The key to understanding this parable is stated in our first reading from Isaiah: For my thoughts are not your thoughts, nor are your ways my ways, says the LORD. God sees a bigger picture and He is a
merciful, loving God. Those who worked 1 hour needed the daily wage to be able to feed their families. The merciful God was concerned that each one be able to feed his family.
This parable challenges us to be merciful, also. Would we be resentful because we lived a good life for many years and are on an equal basis with one who repented and was saved at the last moment? Or would we rejoice, as God would, that the person was saved?
Are we thankful that there are programs to support the needy in our country? Or do we complain because “I worked hard for what I have; why should they get something for nothing?”
The challenge this week is for us to reflect balancing justice with mercy. Are we strict and unbending, avid that each one get what he deserves? Or are we like God, willing to be merciful and anxious that each one get the best possible? God is very merciful and forgiving to us: we need to be the same with others.
Church sign of the week: Some people are hanging by the thinnest of threads. You just might be that thread.
Our readings this week double down on the theme of forgiving others and working for good relationships, as we reflected on this past week.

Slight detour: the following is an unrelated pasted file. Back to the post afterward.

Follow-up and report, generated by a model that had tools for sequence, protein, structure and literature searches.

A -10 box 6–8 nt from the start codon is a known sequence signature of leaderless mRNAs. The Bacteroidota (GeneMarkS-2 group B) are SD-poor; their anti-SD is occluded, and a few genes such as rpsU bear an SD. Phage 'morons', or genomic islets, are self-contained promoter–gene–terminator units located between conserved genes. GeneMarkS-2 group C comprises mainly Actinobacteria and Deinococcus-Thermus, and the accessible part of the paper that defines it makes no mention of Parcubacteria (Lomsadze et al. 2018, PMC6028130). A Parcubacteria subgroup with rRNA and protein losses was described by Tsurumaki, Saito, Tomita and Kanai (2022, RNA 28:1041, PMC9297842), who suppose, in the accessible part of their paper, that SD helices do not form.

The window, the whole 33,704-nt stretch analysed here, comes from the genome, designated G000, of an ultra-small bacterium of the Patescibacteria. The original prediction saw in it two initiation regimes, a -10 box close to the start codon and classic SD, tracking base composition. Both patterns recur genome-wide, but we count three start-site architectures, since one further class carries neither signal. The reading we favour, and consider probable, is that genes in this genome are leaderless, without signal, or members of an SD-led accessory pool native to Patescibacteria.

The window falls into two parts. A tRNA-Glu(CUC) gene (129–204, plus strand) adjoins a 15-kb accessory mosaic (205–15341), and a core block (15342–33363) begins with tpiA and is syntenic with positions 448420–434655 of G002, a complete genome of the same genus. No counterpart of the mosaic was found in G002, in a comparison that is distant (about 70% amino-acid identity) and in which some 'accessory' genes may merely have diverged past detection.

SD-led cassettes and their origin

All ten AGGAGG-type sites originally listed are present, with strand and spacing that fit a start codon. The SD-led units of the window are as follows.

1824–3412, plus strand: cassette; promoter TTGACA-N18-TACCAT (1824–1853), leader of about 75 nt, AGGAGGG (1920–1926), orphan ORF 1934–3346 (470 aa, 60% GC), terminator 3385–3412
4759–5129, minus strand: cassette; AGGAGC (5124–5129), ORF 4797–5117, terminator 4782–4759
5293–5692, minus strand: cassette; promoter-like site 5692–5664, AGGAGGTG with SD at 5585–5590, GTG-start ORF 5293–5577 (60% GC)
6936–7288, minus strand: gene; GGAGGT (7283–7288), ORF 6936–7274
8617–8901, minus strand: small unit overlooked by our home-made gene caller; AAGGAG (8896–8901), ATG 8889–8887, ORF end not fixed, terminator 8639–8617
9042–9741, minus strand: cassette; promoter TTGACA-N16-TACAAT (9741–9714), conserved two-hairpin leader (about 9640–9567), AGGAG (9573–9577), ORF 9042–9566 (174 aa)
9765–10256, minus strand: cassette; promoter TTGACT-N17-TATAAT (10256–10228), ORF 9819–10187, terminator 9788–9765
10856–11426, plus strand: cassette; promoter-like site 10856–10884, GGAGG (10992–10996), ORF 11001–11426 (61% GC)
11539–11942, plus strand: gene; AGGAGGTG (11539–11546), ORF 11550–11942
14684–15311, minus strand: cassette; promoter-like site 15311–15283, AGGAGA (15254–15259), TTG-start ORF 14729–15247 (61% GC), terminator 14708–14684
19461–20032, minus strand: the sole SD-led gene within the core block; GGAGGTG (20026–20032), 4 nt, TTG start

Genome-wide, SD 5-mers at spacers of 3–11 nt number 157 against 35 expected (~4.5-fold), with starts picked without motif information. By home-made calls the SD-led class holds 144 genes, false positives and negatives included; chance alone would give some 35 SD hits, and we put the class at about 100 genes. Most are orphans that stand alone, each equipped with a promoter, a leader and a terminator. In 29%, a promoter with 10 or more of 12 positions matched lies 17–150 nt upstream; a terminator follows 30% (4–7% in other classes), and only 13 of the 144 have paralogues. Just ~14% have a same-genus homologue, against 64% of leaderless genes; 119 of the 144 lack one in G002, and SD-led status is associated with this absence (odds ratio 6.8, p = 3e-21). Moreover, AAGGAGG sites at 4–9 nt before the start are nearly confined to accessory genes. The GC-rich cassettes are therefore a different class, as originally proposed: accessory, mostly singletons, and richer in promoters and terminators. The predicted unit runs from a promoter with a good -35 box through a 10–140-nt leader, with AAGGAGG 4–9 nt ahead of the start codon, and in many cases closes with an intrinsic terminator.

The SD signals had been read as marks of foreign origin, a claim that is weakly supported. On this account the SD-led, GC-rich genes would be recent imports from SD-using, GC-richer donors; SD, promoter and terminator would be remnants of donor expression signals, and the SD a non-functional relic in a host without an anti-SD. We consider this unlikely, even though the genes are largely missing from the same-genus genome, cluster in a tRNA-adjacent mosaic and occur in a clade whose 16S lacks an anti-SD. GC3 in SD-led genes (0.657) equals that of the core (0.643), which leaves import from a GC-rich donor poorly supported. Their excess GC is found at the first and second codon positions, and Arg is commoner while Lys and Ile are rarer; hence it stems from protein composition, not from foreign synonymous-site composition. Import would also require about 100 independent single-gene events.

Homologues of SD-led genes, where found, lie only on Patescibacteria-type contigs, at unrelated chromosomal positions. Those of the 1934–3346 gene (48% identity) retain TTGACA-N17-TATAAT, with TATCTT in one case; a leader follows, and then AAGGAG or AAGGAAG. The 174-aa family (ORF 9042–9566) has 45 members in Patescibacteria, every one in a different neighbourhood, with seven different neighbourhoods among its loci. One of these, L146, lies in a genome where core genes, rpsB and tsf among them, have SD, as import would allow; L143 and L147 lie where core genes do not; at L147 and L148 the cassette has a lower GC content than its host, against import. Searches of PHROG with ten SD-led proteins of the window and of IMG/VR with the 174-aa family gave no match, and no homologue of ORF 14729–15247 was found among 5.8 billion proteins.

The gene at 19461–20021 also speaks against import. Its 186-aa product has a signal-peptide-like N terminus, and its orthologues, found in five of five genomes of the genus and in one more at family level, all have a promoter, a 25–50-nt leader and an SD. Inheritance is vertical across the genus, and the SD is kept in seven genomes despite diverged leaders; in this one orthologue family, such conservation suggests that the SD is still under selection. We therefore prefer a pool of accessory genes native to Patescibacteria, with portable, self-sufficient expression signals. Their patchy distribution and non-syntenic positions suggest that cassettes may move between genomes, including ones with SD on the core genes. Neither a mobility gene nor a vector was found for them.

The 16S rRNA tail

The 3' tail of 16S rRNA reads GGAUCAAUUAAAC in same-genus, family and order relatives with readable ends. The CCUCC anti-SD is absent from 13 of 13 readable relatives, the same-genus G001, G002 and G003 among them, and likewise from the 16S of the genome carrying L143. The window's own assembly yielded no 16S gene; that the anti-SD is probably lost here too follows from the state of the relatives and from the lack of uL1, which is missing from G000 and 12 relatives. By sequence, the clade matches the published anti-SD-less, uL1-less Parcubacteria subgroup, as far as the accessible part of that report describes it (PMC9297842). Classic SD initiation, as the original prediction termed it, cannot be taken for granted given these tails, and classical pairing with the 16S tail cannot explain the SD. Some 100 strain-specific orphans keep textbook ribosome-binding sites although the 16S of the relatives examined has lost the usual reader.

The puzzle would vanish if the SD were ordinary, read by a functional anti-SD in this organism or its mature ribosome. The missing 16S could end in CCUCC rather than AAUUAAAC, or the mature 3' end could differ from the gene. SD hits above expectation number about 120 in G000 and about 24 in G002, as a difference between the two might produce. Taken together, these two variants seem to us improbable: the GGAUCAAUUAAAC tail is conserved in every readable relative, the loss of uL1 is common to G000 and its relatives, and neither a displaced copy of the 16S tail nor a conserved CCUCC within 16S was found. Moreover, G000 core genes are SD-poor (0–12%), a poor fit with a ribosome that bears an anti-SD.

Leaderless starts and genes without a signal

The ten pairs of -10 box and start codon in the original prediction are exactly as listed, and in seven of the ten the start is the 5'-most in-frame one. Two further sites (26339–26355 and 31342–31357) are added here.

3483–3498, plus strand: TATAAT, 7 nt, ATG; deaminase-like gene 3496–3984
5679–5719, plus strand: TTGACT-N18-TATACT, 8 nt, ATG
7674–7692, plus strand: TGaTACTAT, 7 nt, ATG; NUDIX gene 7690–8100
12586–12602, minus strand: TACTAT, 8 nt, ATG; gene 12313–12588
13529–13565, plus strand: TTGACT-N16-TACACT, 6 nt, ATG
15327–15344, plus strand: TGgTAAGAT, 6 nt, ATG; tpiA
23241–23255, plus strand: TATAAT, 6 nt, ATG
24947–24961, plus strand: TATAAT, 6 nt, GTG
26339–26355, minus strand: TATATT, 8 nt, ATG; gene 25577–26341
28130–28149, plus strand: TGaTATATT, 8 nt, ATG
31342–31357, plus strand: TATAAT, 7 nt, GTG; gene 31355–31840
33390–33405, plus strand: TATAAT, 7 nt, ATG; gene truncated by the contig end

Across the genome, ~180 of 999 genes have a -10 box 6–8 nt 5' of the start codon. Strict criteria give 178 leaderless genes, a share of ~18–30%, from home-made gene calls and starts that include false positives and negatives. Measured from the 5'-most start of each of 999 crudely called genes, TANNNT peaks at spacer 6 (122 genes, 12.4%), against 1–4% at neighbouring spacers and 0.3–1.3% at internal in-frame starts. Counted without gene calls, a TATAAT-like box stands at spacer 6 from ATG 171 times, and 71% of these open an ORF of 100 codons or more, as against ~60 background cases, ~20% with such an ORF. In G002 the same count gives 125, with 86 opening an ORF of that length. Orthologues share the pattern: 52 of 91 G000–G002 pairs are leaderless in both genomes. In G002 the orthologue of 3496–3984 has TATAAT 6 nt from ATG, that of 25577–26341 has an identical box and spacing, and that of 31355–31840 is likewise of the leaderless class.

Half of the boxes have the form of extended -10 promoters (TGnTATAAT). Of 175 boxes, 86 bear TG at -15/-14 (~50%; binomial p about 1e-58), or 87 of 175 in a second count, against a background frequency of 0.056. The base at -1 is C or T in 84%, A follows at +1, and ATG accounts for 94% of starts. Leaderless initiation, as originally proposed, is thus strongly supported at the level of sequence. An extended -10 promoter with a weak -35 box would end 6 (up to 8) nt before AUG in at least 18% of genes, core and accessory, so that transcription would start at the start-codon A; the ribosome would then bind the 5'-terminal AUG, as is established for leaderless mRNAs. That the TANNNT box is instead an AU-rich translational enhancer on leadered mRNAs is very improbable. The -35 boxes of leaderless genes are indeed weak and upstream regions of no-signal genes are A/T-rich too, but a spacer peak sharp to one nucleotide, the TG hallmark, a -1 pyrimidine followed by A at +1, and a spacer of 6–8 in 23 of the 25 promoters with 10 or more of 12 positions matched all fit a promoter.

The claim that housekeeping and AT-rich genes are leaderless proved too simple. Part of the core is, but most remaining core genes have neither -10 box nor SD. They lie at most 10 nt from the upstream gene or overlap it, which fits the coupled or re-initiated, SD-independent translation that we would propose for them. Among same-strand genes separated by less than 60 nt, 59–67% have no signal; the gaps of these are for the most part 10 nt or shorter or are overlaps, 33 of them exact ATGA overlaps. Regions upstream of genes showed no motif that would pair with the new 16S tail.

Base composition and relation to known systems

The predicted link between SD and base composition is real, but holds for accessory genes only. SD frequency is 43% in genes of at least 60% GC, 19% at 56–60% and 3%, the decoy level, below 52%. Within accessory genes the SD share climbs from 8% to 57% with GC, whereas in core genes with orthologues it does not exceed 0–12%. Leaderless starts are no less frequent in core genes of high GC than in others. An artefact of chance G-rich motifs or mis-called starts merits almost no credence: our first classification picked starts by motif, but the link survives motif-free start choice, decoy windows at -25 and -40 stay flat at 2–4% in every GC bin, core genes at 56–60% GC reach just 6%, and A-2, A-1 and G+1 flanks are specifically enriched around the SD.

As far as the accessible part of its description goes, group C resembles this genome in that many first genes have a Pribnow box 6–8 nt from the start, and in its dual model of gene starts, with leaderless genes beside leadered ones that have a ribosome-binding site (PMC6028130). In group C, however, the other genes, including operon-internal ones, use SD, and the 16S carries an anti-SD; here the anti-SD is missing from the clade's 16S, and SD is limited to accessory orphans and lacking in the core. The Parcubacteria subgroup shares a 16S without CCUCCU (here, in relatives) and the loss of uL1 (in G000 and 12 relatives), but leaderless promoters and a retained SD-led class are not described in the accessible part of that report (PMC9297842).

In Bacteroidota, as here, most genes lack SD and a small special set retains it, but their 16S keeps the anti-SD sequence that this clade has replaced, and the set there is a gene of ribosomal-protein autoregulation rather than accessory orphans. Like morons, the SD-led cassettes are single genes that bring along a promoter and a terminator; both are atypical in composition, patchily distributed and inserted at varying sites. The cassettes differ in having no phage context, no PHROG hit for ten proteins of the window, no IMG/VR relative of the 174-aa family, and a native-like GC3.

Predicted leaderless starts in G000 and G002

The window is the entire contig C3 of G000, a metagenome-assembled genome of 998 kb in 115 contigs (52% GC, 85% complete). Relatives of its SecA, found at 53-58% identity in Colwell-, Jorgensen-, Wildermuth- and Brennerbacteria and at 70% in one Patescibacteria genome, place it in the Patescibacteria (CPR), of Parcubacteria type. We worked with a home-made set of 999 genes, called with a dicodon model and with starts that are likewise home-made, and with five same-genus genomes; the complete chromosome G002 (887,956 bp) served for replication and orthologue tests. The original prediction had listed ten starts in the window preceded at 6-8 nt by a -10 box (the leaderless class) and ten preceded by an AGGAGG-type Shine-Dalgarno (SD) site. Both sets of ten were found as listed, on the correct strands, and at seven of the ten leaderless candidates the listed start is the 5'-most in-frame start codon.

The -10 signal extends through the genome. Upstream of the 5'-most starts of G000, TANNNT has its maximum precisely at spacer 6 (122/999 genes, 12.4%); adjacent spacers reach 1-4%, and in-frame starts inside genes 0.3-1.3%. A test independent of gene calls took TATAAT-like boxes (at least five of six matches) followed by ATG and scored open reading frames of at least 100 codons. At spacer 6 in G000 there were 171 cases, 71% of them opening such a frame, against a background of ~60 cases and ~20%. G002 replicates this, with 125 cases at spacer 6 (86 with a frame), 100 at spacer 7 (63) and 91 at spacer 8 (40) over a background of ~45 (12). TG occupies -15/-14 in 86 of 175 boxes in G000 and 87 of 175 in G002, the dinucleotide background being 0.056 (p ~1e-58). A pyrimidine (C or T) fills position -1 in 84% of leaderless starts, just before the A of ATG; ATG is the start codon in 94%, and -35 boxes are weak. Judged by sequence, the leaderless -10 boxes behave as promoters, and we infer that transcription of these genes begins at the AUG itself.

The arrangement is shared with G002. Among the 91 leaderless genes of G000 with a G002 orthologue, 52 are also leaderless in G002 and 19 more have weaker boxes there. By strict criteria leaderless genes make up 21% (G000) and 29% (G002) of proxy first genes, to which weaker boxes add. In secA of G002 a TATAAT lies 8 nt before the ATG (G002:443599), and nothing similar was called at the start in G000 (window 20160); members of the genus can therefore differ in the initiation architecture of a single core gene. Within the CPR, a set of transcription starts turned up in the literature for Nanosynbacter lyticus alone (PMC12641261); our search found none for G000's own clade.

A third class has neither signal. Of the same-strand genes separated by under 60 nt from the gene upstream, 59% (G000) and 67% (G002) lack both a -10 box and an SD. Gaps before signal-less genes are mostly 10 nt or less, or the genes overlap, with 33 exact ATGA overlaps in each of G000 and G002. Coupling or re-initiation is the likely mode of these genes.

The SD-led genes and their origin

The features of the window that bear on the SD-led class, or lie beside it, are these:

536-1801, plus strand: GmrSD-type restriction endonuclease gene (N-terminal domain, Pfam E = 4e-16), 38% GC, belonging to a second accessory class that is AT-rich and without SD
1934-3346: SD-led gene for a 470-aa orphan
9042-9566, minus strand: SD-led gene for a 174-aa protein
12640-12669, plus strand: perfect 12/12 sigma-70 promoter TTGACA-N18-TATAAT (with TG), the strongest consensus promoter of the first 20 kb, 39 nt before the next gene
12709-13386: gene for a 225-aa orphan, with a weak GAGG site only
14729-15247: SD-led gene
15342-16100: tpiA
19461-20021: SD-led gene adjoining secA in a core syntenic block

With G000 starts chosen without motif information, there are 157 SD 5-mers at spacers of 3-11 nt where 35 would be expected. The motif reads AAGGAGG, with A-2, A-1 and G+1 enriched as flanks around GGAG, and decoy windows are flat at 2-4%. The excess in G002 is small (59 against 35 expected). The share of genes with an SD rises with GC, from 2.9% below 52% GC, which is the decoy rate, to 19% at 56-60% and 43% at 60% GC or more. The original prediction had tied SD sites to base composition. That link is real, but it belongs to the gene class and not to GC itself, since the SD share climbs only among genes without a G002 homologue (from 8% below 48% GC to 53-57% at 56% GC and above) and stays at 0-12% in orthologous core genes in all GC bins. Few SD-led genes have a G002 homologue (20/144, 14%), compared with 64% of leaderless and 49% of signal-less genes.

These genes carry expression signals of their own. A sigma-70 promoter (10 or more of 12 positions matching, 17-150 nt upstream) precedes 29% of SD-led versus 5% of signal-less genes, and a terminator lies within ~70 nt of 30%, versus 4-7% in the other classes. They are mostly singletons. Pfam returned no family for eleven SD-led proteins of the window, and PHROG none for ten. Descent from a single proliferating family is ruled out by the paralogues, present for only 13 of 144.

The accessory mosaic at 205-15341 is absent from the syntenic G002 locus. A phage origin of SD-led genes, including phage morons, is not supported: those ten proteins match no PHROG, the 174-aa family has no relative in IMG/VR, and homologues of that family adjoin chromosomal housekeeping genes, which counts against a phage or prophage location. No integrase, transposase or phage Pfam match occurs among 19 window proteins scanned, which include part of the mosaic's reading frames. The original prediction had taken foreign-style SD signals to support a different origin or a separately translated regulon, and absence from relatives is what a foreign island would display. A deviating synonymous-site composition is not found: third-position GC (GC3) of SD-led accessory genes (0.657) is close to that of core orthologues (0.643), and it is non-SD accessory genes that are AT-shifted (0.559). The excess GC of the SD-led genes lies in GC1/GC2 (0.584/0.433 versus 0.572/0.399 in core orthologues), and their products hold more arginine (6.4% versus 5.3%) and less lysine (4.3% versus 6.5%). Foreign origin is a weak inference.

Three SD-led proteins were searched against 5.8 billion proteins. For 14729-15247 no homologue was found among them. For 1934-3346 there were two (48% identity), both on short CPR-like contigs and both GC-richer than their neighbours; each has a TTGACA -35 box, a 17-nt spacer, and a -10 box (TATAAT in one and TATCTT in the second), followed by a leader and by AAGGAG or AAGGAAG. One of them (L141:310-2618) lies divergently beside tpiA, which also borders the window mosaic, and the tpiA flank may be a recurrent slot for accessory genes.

The first reading is very strong, with phrases such as, “the vengeful will suffer the Lord’s vengeance” and “could anyone nourish anger against another and expect healing from the Lord?”
It makes no sense to hold on to wrath and anger, because it hurts us, both now and in the future. Let me explain:
NOW: when we “hug” wrath and anger, as Sirach says, we are the ones who are unhappy. We boil inside, we are not at peace. The one I am angry at is somewhere else, having a good time, but I am the one who is unhappy. It makes absolutely no sense. No one else makes us
unhappy: we do it to ourselves.
FUTURE: with the parable of the servant who is forgiven a big debt by the master but is unable to forgive a small debt of a fellow servant, Jesus is underscoring what we say every time we pray the Our Father: “forgive us our trespasses, AS WE FORGIVE those who trespass against us.” We are asking to be forgiven as we are able to forgive. If we cannot forgive, can we expect forgiveness for ourselves?